To pass the Crypto Turing Test, I would have to be able to do the same with, say, Bitcoin. I would take, say, my Coinbase wallet which has a card associated with it and tap that card at a Starbucks merchant payment console. Coinbase would charge me a conversion fee to fiat currency that Starbucks accepts and send that currency to Starbucks. Alternatively, Starbucks could accept the crypto directly and not charge a conversion fee per se but instead for a BTC price that incorporates that fee. Or Starbucks may start holding crypto and using it to pay for coffee beans, cups, baristas or whatever. The point is that to get to “without the merchant noticing,” I put crypto up to the same standards that most government-issued currency has achieved.
Actually, you will notice that is not a purely governmental standard. Banks offer you accounts with digital balances that are not base money. The reason that works is that their payment instruments — e.g., debit cards — now pass a version of the Crypto Turing Test. This was also true of checks in the past. That took some work. Back in the day, it wasn’t automatic that merchants would accept checks. And nowadays they may also not accept them. They had their day.
Note that one thing that would have to be resolved is the issue of what happens when you convert crypto to make a purchase in fiat currency. In some jurisdictions, it is possible that you have to keep track of that conversion for taxation purposes. I’m going to suggest that even if you successfully make a crypto payment for coffee, if you have to involve your accountant before April the next year, that transaction hasn’t passed the test.
Hasn’t this test been passed in El Salvador? Last year, El Salvador, which for years used US dollars as the main currency, announced that Bitcoin would be legal tender. As all merchants in the country were required to accept Bitcoin for payments, this seems like it was a fast track to passing the Crypto Turing Test — at least in El Salvador. The government even launched an app — the “Chivo Wallet” — to make this easier. They even gave people who used the app $30 in starting credit.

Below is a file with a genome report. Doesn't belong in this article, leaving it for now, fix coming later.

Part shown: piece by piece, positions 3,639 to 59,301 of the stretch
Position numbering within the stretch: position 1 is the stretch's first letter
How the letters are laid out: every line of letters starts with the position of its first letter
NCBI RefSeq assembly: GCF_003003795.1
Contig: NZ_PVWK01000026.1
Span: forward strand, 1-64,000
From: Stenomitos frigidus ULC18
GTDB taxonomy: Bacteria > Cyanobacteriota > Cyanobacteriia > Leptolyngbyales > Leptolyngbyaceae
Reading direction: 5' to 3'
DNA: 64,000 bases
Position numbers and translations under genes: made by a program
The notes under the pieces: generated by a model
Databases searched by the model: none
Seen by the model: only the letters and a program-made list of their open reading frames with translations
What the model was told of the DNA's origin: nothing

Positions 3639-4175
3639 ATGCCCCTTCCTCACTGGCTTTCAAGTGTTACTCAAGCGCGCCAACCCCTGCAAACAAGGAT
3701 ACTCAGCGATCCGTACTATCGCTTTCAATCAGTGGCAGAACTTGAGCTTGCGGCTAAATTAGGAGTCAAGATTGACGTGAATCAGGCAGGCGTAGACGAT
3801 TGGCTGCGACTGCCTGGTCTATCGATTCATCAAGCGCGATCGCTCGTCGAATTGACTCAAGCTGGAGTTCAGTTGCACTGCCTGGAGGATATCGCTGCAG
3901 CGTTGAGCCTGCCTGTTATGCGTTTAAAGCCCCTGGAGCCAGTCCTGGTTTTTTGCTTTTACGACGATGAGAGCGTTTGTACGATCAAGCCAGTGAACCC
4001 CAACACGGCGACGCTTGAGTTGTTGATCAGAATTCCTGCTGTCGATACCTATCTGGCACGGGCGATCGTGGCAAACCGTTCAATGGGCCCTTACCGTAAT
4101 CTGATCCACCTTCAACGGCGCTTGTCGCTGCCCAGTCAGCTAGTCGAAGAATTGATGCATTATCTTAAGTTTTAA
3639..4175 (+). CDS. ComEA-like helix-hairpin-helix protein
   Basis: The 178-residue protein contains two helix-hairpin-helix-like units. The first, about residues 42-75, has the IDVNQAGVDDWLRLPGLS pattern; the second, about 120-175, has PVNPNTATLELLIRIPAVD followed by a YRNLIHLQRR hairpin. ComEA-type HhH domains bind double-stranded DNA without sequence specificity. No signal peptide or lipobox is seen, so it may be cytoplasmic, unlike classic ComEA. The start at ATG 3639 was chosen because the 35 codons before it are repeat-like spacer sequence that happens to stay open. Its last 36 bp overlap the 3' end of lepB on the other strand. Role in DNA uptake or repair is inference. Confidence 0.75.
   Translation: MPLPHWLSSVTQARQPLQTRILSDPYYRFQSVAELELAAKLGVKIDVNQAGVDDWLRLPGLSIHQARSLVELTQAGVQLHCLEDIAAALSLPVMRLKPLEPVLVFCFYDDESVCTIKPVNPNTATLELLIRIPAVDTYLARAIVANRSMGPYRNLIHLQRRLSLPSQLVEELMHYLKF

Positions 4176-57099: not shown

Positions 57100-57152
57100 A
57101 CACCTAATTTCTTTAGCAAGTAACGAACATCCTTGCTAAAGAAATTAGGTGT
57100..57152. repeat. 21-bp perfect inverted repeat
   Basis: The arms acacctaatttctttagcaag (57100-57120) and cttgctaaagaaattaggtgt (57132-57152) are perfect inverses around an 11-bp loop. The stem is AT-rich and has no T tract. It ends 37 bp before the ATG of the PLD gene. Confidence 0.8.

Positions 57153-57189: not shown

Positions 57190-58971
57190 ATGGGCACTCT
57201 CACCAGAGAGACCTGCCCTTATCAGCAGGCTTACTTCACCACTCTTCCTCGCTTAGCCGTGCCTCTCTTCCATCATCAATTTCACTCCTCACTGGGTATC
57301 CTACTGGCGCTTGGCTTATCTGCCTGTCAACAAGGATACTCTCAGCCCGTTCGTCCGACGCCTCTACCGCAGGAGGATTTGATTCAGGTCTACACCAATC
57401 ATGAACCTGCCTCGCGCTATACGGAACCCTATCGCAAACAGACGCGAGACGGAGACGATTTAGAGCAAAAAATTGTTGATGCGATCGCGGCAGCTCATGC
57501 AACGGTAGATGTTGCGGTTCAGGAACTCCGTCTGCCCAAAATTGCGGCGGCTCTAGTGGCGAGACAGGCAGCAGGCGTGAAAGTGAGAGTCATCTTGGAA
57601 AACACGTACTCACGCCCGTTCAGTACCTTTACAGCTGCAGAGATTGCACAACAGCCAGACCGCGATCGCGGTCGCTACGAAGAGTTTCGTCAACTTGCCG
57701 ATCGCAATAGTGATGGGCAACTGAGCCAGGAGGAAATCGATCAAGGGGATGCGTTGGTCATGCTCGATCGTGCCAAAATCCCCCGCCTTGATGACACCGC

On the face of it, this looks like the Crypto Turing Test was passed. There were many transactions that took place using that wallet. But I’m going to move the goalposts just a little and recognise that the Crypto Turing Test is a market test. It can’t just be a “yes you could do this” but “would people want to do this.” This paper shows that, in El Salvador, Bitcoin hasn’t reached the purchase acceptance threshold. Only 20 percent made transactions after spending their $30. Very few did so intensively. The most common uses were not commercial transactions but, instead, to pay government taxes and remittances.
On the merchant side, despite the law, only 20 percent of businesses accepted Bitcoin and those were really large corporations. One suspects that they were doing so simply because of the law.
Given this, I am going to file the El Salvador experiment in the “not quite there” category. I am not going to say that the Crypto Turing Test cannot be passed if the government makes a cryptocurrency legal tender. That would be silly. But I am saying that the use “without thinking about it” notion will require more than that.
One final open question is whether passing the Crypto Turing Test requires both merchants and purchasers to hold balances of cryptocurrency. This is what happens with foreign exchange and certainly any other successful currency has achieved systemic success in that, at least in a location, people conduct their buying and selling (and holding) business in that currency. If people are holding cryptocurrency and then merchants are accepting a converted fiat currency, while in principle that can pass the Crypto Turing Test, in practice it may not be possible without system level adoption.